The history of the Margarita is one big mess, not by virtue of its age but because of its popularity. Everyone wants a piece of it so there are numerous claims but very little evidence to back up those claims. Here are a few that we uncovered:
- According to Marion Gorman and Felipe de Alba’s The Tequila Book, one story traces the margarita to the bar at the Caliente Race Track in Tijuana, Mexico, about 1930.
- Another credits Doña Bertha, owner of Bertha’s Bar in Taxco, Mexico, with the invention of a drink that later evolved into the margarita.
- The former Los Angeles bartender Daniel Negrete claims to have originated the cocktail in 1936 at the Garcí Crespo Hotel in Puebla, Mexico, naming it after a girlfriend called Margarita.
- Los Angeles’s El Cholo café served margaritas a few years after opening in 1927.
- Another contender for the title of originator was Margarita Sames, who made the drink for houseguests in 1948 while living in Acapulco, Mexico.
- Yet another story credited Pancho Morales, a bartender in Tommy’s Place in Juárez, with the invention of the drink in 1942.
Source: (2012). Margarita. In The Oxford Encyclopedia of Food and Drink in America. : Oxford University Press.
So the problem here is that anyone can make a claim but without corroborating evidence you just have to take each claimant at their word. The few claims that do have articles written about their origin story are decades after the fact which also do not provide supporting evidence at the time of the origin story. So we are kind of left without any ability to identify the true origins of the Margarita.
However, if we look at the first place the Margarita is listed in a recipe book we can see where it took off. The limiting factor is tequila. Tequila itself was not a popular spirit outside of Mexico until Prohibition in the US (and then only very locally) but finally in the Cafe Royal cocktail book 1937 we find numerous recipes using tequila, however, the Margarita is not one of them.
The first place we found the Margarita in a recipe book was Trader Vic’s Pacific Island Cookbook with Side Trips to Hong Kong, Southeast Asia, Mexico, and Texas, 1968. It’s here that we think the drink gained its popularity and became a household name by disseminating through the Hollywood and California population.
“Victor Bergeron, who went to Mexico to find a good tequila cocktail recipe. ‘While tequila is made in Mexico you just don’t find many drinks made with it,’ he wrote. Bergeron concluded that ‘nowhere in Mexico do you find many tequila drinks worth drinking’ The margarita was the exception, so Bergeron developed his own version that consisted of tequila, triple sec or cointreau, and lime juice.”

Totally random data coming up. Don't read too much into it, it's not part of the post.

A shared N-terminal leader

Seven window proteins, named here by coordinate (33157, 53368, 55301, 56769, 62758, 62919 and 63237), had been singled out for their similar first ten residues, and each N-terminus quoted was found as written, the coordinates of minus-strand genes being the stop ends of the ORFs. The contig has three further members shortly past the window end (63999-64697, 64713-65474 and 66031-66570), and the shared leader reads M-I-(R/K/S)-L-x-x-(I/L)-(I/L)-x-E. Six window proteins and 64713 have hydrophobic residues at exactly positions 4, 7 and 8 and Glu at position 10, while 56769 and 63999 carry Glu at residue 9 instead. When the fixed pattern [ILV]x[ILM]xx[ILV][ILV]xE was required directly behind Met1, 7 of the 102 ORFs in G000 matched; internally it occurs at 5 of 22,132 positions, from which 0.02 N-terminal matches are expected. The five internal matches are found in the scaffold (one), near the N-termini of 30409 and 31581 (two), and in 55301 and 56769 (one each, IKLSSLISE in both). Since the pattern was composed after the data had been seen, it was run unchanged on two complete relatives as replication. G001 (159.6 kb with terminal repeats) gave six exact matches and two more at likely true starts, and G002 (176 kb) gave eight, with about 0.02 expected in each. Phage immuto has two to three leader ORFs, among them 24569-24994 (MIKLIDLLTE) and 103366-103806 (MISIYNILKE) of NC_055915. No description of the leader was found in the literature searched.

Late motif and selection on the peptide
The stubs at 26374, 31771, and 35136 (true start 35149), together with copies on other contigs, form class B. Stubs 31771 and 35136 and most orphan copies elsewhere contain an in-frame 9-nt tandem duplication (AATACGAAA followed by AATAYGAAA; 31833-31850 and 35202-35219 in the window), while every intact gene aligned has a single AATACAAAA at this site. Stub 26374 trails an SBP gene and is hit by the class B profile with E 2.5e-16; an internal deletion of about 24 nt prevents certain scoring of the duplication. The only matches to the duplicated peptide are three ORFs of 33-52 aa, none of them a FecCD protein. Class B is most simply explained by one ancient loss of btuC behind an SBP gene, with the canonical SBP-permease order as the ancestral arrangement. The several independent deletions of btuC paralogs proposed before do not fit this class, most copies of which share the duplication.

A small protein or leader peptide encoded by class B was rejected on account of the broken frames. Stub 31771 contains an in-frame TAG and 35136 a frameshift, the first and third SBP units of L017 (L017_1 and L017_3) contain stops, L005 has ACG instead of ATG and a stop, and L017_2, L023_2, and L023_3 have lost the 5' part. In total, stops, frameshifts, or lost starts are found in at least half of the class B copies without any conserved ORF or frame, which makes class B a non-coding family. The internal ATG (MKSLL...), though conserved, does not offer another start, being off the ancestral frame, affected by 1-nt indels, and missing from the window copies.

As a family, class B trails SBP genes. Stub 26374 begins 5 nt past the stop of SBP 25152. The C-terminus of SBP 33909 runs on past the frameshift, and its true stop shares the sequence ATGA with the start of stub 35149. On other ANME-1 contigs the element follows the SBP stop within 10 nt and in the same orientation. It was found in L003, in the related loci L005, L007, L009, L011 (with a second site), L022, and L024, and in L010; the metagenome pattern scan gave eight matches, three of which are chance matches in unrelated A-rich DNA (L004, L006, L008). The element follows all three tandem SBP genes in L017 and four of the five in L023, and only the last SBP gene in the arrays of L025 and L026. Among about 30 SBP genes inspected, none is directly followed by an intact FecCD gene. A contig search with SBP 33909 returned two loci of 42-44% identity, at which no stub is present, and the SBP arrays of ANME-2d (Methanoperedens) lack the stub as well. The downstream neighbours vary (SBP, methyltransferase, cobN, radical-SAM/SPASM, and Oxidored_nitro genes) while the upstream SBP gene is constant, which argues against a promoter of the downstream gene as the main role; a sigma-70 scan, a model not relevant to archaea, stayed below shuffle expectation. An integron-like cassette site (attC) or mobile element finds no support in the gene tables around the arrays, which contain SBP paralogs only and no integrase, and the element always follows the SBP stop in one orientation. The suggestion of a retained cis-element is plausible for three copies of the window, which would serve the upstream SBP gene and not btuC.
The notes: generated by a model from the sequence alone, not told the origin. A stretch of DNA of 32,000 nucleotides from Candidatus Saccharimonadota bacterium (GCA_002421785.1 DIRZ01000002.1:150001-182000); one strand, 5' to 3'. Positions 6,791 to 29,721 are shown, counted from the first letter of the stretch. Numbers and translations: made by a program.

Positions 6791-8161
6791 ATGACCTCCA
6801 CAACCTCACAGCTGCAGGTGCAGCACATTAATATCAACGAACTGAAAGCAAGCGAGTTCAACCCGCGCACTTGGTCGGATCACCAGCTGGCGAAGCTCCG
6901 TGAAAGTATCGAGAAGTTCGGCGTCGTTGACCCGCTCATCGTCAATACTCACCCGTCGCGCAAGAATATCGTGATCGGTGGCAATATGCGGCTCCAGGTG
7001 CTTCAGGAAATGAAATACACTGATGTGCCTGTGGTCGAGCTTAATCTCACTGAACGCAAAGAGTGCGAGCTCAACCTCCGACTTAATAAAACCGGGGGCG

Source: “Tequila.” Food and Drink in American History: A “”Full Course”” Encyclopedia. Andrew F. Smith. Vol. 2. Santa Barbara, CA: ABC-CLIO, 2013. 911-912. Gale Virtual Reference Library.
Shortly after Trader Vic added the Margarita to his menu, the Margarita gained rapid popularity so this is where we give credit for the origins because even if you can trace the origin of a cocktail you invented in your kitchen, it doesn’t really matter until the world is drinking it.
Addendum: On the Cocktail Spotlight Zoom meeting Mr. Douglas Stailey told us about a bartender in Hollywood named John Durlesser who claims to have invented the Margarita around 1937. On its face, this is just another unsubstantiated claim with no crucial evidence, however, if you look into the story more you learn that Durlesser was a West Coast American “ambassador” to the UK Bartender’s Guild. It’s interesting that also in 1937 the UKBG published their 1st edition of the Cafe Royale Cocktail Book which also was truly the first place one can find tequila listed in cocktail ingredients. In fact, there was a recipe for the Picador that exactly matches that of the Margarita. Doug also shares with us how around the same time there was a tequila distributor introducing tequila to Los Angeles and had mentioned that Durlesser was increasing the popularity of the spirit by using it in his own cocktails. There is a lot of growth and opportunity happening all at the same time here, and though we can’t link any of the story together with certainty as the origin of the Margarita…the information looks compelling.